More recently, Kostakoglu et al have investigated the use of FDG uptake after the first cycle of chemotherapy in patients with NHL and Hodgkin lymphoma and compared this with PET scans performed at the completion of chemotherapy.5 At both time points, a positive FDG-PET was associated with shorter PFS compared with a negative PET. The false negative rate was higher at the completion of therapy compared with after one cycle (35% vs 15%, respectively). The PPV was higher after one cycle compared with after completion of therapy (90% vs 83%), as was the NPV (85% vs 65%). In a follow-up study, this group has reported similar results when using a more refined PET method. Of 10 patients with persistent FDG uptake after one cycle of therapy, 9 relapsed with a median PFS of only 2 months. Of 17 patients with negative uptake after one cycle, none has relapsed (P = < 0.0001). Early PET had an estimated sensitivity and NPV of 100%, a specificity of 94%, a PPV of 90% and an overall accuracy of 96%.

These results suggest a possible role for early functional imaging as a predictive factor in DLBCL. New prospective trials in DLBCL should now incorporate functional imaging as an endpoint to evaluate its utility in more precisely defined and uniformly treated patient populations.

Despite these encouraging preliminary data, the clinical utility of functional imaging remains unclear. Although it may reliably detect disease resistance early in the course of therapy, there is no evidence to suggest that an early change of therapy in poorly responding patients improves survival. Previous studies of ‘early’ HDT and SCT in ‘slow responders’ have failed to show a survival advantage for transplantation.6 Using dynamic dosing regimens such as dose-adjusted EPOCH-R (etoposide, prednisone, vincris-tine, cyclophosphamide, doxorubicin, rituximab), early FDG-PET appears less predictive (personal communication, WH Wilson, MD, PhD), suggesting that it’s utility may be regimen-dependent. There is continued uncertainty regarding the interpretation of PET scans in NHL. The criteria for ‘positive’ versus ‘negative’ scans based on standard uptake values (SUVs) have been inconsistent in different studies. Additionally, availability of functional imaging, expense and third party reimbursement remain problematic in some centers.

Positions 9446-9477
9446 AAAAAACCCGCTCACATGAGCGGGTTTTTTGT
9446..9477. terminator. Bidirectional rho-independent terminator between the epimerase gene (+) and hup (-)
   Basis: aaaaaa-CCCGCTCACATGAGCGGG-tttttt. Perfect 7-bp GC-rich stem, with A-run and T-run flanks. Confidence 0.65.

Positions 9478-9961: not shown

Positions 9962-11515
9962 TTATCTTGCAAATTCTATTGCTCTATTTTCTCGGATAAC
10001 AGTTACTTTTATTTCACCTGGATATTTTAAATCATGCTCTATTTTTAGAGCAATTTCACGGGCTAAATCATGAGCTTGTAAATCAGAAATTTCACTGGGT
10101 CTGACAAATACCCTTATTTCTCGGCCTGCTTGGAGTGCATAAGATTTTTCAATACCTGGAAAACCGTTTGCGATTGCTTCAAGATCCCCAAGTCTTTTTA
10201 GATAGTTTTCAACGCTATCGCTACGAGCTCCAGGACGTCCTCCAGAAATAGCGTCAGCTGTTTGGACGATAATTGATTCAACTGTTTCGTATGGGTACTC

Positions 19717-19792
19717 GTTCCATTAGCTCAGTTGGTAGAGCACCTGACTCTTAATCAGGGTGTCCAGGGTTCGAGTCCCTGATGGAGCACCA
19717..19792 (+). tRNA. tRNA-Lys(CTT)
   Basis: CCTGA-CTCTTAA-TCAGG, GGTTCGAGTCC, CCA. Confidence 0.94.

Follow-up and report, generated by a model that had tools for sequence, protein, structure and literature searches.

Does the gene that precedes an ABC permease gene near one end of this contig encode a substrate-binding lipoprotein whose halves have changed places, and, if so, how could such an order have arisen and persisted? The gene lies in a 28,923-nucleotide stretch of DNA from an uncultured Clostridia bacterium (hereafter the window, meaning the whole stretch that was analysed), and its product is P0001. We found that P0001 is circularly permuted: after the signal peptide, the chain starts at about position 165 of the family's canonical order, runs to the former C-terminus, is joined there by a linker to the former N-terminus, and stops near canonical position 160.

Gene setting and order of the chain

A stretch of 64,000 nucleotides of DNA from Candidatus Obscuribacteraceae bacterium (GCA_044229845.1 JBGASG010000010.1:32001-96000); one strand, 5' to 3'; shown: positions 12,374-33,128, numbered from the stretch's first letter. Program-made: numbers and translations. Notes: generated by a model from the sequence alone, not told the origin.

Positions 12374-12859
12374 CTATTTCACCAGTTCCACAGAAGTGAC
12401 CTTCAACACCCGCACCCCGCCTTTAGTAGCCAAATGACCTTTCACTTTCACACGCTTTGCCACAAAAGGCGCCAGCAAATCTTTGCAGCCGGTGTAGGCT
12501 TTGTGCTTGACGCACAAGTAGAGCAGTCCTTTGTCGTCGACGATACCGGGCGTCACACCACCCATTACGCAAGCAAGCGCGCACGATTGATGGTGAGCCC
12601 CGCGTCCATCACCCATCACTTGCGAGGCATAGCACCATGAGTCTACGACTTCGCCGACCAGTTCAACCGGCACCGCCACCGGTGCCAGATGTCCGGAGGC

Molecular and immunohistochemical prognostic factors in DLBCL

Recent studies using gene expression profiling (GEP) in DLBCL have identified patterns of gene expression, as well as individual genes that appear to have important prognostic significance, related to underlying tumor biology. These observations have been used to develop risk groups based on small numbers of genes or on immunohistochemical stains. In addition, the expression of many individual proteins detected by immunohistochemistry has been shown to have prognostic significance (Table 2 ).

Analysis of the expression of thousands of genes in DLBCL using cDNA and oligonucleotide microarrays has been performed by several groups and has been shown to correlate with clinical outcome. In studies using the lymphochip cDNA microarray in 44 patients with DLBCL, Alizadeh et al demonstrated that OS was higher in patients who had high levels of expression of genes characteristic of normal germinal center B-cells (GCB), compared with those with an activated B-cell-like (ABC) expression profile.7 Using oligonucleotide microarrays, Shipp et al described a 13 gene predictive model in 77 patients with DLBCL uniformly treated with CHOP-based chemotherapy.8 A subsequent study by Rosenwald et al described a 17-gene predictive model, based not only on the cell of origin of the tumor, but also on the host immune response and the proliferative rate of the tumor9 (Figure 1; see Color Figures, page 547). Both of these predictive models were independent of the IPI. However, the microarrays used in these studies were different, as were the techniques used for developing predictive models, such that there was no overlap between the genes identified in these two studies.

Although microarray techniques have advanced understanding of the biology of lymphoid malignancy and have allowed the prognostic groups identified by the IPI to be further refined, their clinical utility is limited by the requirement for fresh or optimally cryopreserved samples, and by high costs. A simplified 6-gene predictive model has subsequently be developed by Lossos et al using quantitative RT-PCR in 66 patients with DLBCL treated with CHOP-based chemotherapy.10 In this model 3 genes (LMO2, BCL6 and FN1) were correlated with prolonged survival and 3 (BCL2, CCND2 and SCYA3) were correlated with shorter survival. Tissue micorarray (TMA) technology has recently provided further prognostic information in DLBCL. This technique allows simultaneous, high throughput immunohistochemical analysis of protein expression in multiple specimens on a single slide, allowing the identification of protein surrogates for genes identified as being dysregulated in GEPs. These can be performed on routine formalin-fixed and paraffin-embedded clinical samples.11